Coping in a crisis – the role of the effective leader during COVID-19
In difficult times, we look to our leaders to lessen the burden of crisis. Who is at the helm of your organisation really counts when the chips are down. David Slatter, Associate Director in our Executive Search team, reflects on his conversations with CEOs and MDs in his network on what the top-job look like in times of crisis.
Over the past weeks we have, quite rightly, been standing in our windows, on our balconies and on our front steps to applaud the phenomenal work being achieved by a wide range of key workers across the NHS, social care, retail, local government and emergency services. On social media, we’ve seen many messages of support from the Chief Executives guiding these legions of key workers.
For some of us here at Penna, our daily lives involve working with the hidden leadership heroes every day of the week – the people who divert all the positive attention to the front line by ensuring their organisations are ready and prepared to deliver in these unrelenting times. These are the Chief Executives, councillors and service leaders – the people who are so easy to criticise without seeing quite how much they are contributing.
There are actions a leader can take before, during, and after a crisis to effectively reduce the duration and impact of these extremely difficult situations. At its centre, effective crisis leadership is comprised of three things — communication, clarity of vision and values, and caring relationships. All even more difficult when we are presented with one that has come to us as a bit of a shock. Let’s look at how these key factors have manifested in our leaders during this time.
Now is the time to communicate trust and thanks. A small act of gratitude from a leadership figure can go a long way to keep workforces motivated during difficult times.
Council leaders have also been quick to support the range of outstanding work in their local area. Councillor Abi Brown, the Leader of Stoke-on-Trent City Council is a big contributor to Twitter and has been out every day with facts and figures based on the achievements of all the council’s teams across adult and children’s services, highways, housing and refuse collection to name but a few.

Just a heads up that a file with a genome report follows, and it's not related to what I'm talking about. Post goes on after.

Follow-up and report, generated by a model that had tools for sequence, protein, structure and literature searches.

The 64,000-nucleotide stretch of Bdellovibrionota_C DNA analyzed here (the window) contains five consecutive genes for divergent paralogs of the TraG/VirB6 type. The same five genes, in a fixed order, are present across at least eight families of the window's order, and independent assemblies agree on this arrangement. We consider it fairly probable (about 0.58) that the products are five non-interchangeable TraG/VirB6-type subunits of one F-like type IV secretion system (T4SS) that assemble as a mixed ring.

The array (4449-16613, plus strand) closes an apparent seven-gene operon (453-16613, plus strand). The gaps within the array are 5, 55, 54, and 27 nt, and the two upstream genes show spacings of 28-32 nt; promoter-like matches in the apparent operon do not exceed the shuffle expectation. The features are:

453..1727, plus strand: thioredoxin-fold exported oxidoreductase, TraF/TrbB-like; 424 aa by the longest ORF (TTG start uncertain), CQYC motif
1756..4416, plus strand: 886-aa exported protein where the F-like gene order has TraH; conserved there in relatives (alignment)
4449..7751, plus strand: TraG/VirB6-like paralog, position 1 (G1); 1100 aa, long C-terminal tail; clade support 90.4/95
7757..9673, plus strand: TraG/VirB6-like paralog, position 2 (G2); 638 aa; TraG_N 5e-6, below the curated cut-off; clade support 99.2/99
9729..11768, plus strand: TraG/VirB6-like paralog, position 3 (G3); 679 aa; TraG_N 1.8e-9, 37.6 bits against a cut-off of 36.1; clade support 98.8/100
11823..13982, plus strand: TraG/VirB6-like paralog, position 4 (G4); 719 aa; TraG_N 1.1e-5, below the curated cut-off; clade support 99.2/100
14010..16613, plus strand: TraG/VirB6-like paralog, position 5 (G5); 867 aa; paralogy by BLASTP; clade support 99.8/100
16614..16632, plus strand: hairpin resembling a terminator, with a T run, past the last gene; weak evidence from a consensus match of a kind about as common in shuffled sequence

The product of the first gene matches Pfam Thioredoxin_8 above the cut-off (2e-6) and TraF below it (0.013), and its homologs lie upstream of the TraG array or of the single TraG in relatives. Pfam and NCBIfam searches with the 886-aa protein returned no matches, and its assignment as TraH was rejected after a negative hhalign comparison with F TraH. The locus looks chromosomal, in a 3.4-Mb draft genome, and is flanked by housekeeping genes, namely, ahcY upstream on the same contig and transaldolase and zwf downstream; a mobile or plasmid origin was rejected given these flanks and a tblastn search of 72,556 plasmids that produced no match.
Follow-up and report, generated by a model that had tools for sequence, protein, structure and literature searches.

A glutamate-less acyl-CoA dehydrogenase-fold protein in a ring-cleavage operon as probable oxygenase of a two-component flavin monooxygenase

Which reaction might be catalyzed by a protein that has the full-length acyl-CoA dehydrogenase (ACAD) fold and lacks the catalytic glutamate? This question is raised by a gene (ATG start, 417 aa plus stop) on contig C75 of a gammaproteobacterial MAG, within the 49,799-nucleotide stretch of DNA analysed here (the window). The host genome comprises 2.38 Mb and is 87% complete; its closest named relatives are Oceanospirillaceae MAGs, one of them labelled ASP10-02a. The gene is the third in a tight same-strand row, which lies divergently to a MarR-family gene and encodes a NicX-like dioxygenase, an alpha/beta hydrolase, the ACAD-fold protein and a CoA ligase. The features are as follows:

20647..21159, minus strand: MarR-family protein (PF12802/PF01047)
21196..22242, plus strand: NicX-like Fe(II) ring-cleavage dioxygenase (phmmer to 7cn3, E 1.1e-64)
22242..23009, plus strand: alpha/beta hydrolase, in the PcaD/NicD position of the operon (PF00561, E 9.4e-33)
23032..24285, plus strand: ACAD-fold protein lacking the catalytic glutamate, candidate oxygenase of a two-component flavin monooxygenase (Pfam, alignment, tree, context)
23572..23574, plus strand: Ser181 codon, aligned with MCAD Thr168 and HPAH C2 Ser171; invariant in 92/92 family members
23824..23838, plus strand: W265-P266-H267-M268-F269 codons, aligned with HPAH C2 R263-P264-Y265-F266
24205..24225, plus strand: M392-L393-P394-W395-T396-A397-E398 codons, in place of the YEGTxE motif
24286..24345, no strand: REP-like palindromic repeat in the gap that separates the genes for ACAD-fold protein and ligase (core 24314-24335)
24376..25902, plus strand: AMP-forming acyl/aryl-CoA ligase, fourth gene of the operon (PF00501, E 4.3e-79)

The communication skills and the stance they have taken are very similar – give the big messages about the plans and the strategy but make sure that their values and those of their organisations are visible to those that make it all happen.
Clarity of vision and values
Effective leadership goes hand-in-hand with clarity. Uncertainty in your workforce is only tempered by true vision. Make the time to be transparent, it will pay off.
The COVID-19 fronting Chief Executives and leaders have been many and varied. The New Zealand Prime Minister, Jacinda Ardern, responded to the coronavirus pandemic by deciding to close the country’s borders with a strategy based on eliminating rather than containing the virus and the country saw a decrease in cases 10 days later. This brave decision set the tone for a wide range of critical services to follow her lead.
Closer to home, we have had the benefit of seeing first-hand the leadership, bravery and strength of local government chief executives across the whole country. They are, inevitably, the ones in the traditional and social media platforms making sure that their teams, their partners and their stakeholders are all front and centre for their momentous efforts to treat those unfortunate enough to be susceptible and keep the rest of us safe and well during these ongoing challenges.
Leadership through crisis is about action. Making decisive calls, difficult decisions and dealing with the issues your people bring to you. But it’s also about the softer skills; looking after your key relationships is just as important as your deeds. Those key relationships span everything from your residents, to your partners, to your leadership team, right through to your wider workforce.
There are examples up and down the country of effective leaders who are making difficult decisions but, behind the scenes they are enabling their teams to deliver and being quick to give them the credit they deserve for their own bravery in delivering some outstanding outcomes.
It is for all these reasons why we have made sure we can continue to support our public sector clients virtually, in the same way we have always done. Recruiting new leaders to their organisations might not be the priority today – if it is we’re here to help – and if not we’re ready to support them when they are.
Want more leadership insights?
At Penna, we speak to top-table individuals in different sectors every day. As executive partners to organisations across the public sector, we’re hearing the stories of leadership through lockdown. Our job is to get you the talent you need to steer through this crisis.
We’re here to help, when you need us.
Speak to David Slatter to find out what we can do to help.